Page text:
For the South Lamar Boulevard segment between Barton Springs Road and US 290, final design is underway on the funded improvements. Construction is anticipated on these projects in fall 2022.
UNFUNDED IMPROVEMENTS: If the City secures funding for the unfunded improvements, the Corridor Program Office will initiate a full design process to refine the projects and prepare them for construction. Full design would include community engagement, as well as coordination with various City departments and partner agencies, including Capital Metro, as well as the Texas Department of Transportation.
We encourage the community to remain engaged in future planning efforts for the South Lamar Boulevard corridor. You can stay informed about our progress on the funded improvements and be notified of any new developments regarding the unfunded improvements by signing up to receive updates here.
Notice of Availability
The City of Austin conducted an environmental analysis to understand the potential impacts of the proposed mobility, safety and connectivity improvements for the South Lamar Boulevard corridor. The analysis was conducted in accordance with the National Environmental Policy Act (NEPA) for the South Lamar Boulevard corridor, which is a state-owned roadway. The results of the analysis have been used to help refine the improvement projects to reduce impacts.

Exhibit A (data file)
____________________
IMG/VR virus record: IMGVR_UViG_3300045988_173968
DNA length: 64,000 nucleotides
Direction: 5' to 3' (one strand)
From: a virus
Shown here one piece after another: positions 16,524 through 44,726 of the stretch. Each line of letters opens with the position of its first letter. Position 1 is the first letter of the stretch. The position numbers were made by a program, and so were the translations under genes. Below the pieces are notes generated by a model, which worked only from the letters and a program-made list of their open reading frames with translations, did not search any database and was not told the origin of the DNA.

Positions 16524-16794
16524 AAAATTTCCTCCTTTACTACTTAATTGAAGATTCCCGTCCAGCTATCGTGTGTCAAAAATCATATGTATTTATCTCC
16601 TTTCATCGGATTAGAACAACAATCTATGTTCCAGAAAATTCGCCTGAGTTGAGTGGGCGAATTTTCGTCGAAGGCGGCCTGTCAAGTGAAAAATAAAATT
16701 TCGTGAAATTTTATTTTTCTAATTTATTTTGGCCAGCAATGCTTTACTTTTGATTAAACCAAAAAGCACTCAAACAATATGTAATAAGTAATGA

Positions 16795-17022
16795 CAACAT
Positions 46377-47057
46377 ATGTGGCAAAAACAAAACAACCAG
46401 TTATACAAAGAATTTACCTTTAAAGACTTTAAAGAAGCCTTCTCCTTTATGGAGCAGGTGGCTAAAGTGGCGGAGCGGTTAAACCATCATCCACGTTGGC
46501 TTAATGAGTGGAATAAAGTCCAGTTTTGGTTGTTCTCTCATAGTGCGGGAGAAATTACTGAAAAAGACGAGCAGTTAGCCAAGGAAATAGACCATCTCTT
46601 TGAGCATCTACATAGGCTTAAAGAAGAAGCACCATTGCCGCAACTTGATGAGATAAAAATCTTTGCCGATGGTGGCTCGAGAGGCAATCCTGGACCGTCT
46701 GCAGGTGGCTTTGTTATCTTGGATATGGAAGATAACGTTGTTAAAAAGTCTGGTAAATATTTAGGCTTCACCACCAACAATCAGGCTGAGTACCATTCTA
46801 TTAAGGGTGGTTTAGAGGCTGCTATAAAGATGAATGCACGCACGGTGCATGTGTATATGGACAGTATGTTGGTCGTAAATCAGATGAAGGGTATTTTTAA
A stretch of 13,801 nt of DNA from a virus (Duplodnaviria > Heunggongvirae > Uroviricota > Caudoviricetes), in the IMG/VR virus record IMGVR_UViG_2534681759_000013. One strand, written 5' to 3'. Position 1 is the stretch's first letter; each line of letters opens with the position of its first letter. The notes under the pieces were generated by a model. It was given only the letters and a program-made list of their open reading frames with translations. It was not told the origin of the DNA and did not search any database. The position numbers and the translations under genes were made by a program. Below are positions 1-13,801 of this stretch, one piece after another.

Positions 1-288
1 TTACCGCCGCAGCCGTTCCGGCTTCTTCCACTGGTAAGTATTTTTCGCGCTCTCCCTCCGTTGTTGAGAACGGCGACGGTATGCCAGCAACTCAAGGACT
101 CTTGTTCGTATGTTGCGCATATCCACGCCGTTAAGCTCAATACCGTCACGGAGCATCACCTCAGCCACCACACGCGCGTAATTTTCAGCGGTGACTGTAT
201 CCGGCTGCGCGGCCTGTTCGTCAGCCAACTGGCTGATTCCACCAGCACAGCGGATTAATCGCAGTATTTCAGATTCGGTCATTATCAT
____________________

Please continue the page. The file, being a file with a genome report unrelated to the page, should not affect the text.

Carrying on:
Beginning on Wednesday, July 1, 2020, the City of Austin made the environmental reports available for public review, as well as the proposed design of the improvements between Riverside Drive and US 290.
The City of Austin is pursuing environmental clearance for all South Lamar Boulevard improvements between Riverside Drive and US 290 that are recommended in the Corridor Mobility Plan for South Lamar Boulevard that was completed in April 2016. This includes improvements that have been funded by the 2016 Mobility Bond, as well as improvements that are not yet funded. Achieving environmental clearance for all improvements will enable the City of Austin to construct them when future funding sources are secured.
When completing the environmental analyses, the City of Austin evaluated potential impacts that could result from both the funded and unfunded improvements.
The City of Austin considered biological resources, hazardous materials, community impacts, water resources, air quality, as well as archaeological and historical resources. Click on the links below to review the findings of each report:
Purpose and Need
The purpose of the proposed project is to improve mobility and safety on South Lamar Boulevard between Riverside Drive and US 290.
According to crash data collected by Austin Transportation, 2,173 crashes occurred over the last five years. Those crashes resulted in 4 fatalities, 21 serious injuries, and involved 53 bicyclists and 46 pedestrians.
Over 40,000 vehicles travel this major Austin roadway each day, and there are over 220 access driveways in approximately 3.3 miles, causing additional safety concerns.
Currently, there are no bicycle facilities from Barton Springs Road to Riverside Drive. From US 290 to Barton Springs Road, bike lanes are unprotected and on-street on both sides of South Lamar Boulevard.
The existing sidewalks are continuous; however, some areas need repair. Additionally, not all curb ramps are accessible due to sidewalk configurations or utility poles.
Mobility and Safety Improvements
If the projects receive environmental clearance, some of the proposed mobility, safety, and connectivity improvements will be constructed using funds from the voter-approved 2016 Mobility Bond. The projects are expected to improve approximately 3.3-miles of South Lamar Boulevard between Riverside Drive and US 290 for everyone, whether they walk, bike, drive or take transit.